The magazine suggests that teens drive late-model or new vehicles, which are more likely to have safety features and less likely to break down.

Its recommendations for larger vehicles include the Acura TSX, Honda Accord, Kia Optima, Toyota Prius and Volkswagen Jetta. Travers acknowledged that some of these might be outside of a family's budget for teen transportation and recommended used conservative sedans with as many safety features as possible.

Both organizations suggest that parents should avoid SUVs and pickup trucks because of their high center of gravity and added rollover risk. They recommend staying away from performance and sports cars.

"The main issue with teens in general is that they overestimate their skills and underestimate their risks. Teens have a penchant for taking risks behind the wheel. They are more likely to speed, more likely to tailgate and they are less likely to wear their seat belts," Rader said.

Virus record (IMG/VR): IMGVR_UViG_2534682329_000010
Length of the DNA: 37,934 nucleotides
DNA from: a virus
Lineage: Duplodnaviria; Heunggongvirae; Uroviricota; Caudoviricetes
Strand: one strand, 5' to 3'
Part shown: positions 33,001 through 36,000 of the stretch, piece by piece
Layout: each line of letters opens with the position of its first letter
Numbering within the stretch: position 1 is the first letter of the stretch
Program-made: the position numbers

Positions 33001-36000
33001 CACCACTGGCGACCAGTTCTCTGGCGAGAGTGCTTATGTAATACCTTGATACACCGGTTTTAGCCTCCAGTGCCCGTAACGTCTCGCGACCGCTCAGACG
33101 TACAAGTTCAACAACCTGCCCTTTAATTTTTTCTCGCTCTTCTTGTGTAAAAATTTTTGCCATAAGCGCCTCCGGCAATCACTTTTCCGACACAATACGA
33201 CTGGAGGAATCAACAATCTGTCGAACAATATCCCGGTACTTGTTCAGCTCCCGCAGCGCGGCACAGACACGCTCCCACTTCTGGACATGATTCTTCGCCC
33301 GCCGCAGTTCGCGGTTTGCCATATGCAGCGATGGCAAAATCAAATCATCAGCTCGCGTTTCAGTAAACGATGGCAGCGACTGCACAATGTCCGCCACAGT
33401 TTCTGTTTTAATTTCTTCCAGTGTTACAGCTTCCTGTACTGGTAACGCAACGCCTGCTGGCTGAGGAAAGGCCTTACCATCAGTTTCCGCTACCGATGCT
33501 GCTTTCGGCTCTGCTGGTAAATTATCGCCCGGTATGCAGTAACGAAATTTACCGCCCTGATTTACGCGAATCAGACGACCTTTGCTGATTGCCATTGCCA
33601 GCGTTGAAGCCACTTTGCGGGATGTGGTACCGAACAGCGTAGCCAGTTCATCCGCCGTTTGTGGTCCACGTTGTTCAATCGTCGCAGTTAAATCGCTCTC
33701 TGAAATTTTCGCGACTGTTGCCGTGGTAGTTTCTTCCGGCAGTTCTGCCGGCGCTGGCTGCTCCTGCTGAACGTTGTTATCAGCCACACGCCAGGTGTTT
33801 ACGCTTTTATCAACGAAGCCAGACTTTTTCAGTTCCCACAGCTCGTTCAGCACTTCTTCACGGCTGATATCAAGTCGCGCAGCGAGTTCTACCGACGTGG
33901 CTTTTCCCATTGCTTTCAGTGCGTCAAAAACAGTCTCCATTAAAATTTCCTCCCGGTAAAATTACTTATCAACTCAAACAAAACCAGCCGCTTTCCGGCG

On the Web

Consumer Reports:

Insurance Institute for Highway Safety crash ratings:

Protect teen drivers with vehicles chock-full of safety features 05/26/10 [Last modified: Tuesday, May 25, 2010 10:47pm]
Photo reprints | Article reprints

Copyright: For copyright information, please check with the distributor of this item, Los Angeles Times.

Join the discussion: Click to view comments, add yours

  1. In advertising, marketing diversity needs a boost in Tampa Bay, nationally


    TAMPA — Trimeka Benjamin was focused on a career in broadcast journalism when she entered Bethune-Cookman University.

    From left, Swim Digital marketing owner Trimeka Benjamin discusses the broad lack of diversity in advertising and marketing with 22 Squared copywriter Luke Sokolewicz, University of Tampa advertising/PR professor Jennifer Whelihan, Rumbo creative director George Zwierko and Nancy Vaughn of the White Book Agency. The group recently met at The Bunker in Ybor City.
  2. Tampa Club president seeks assessment fee from members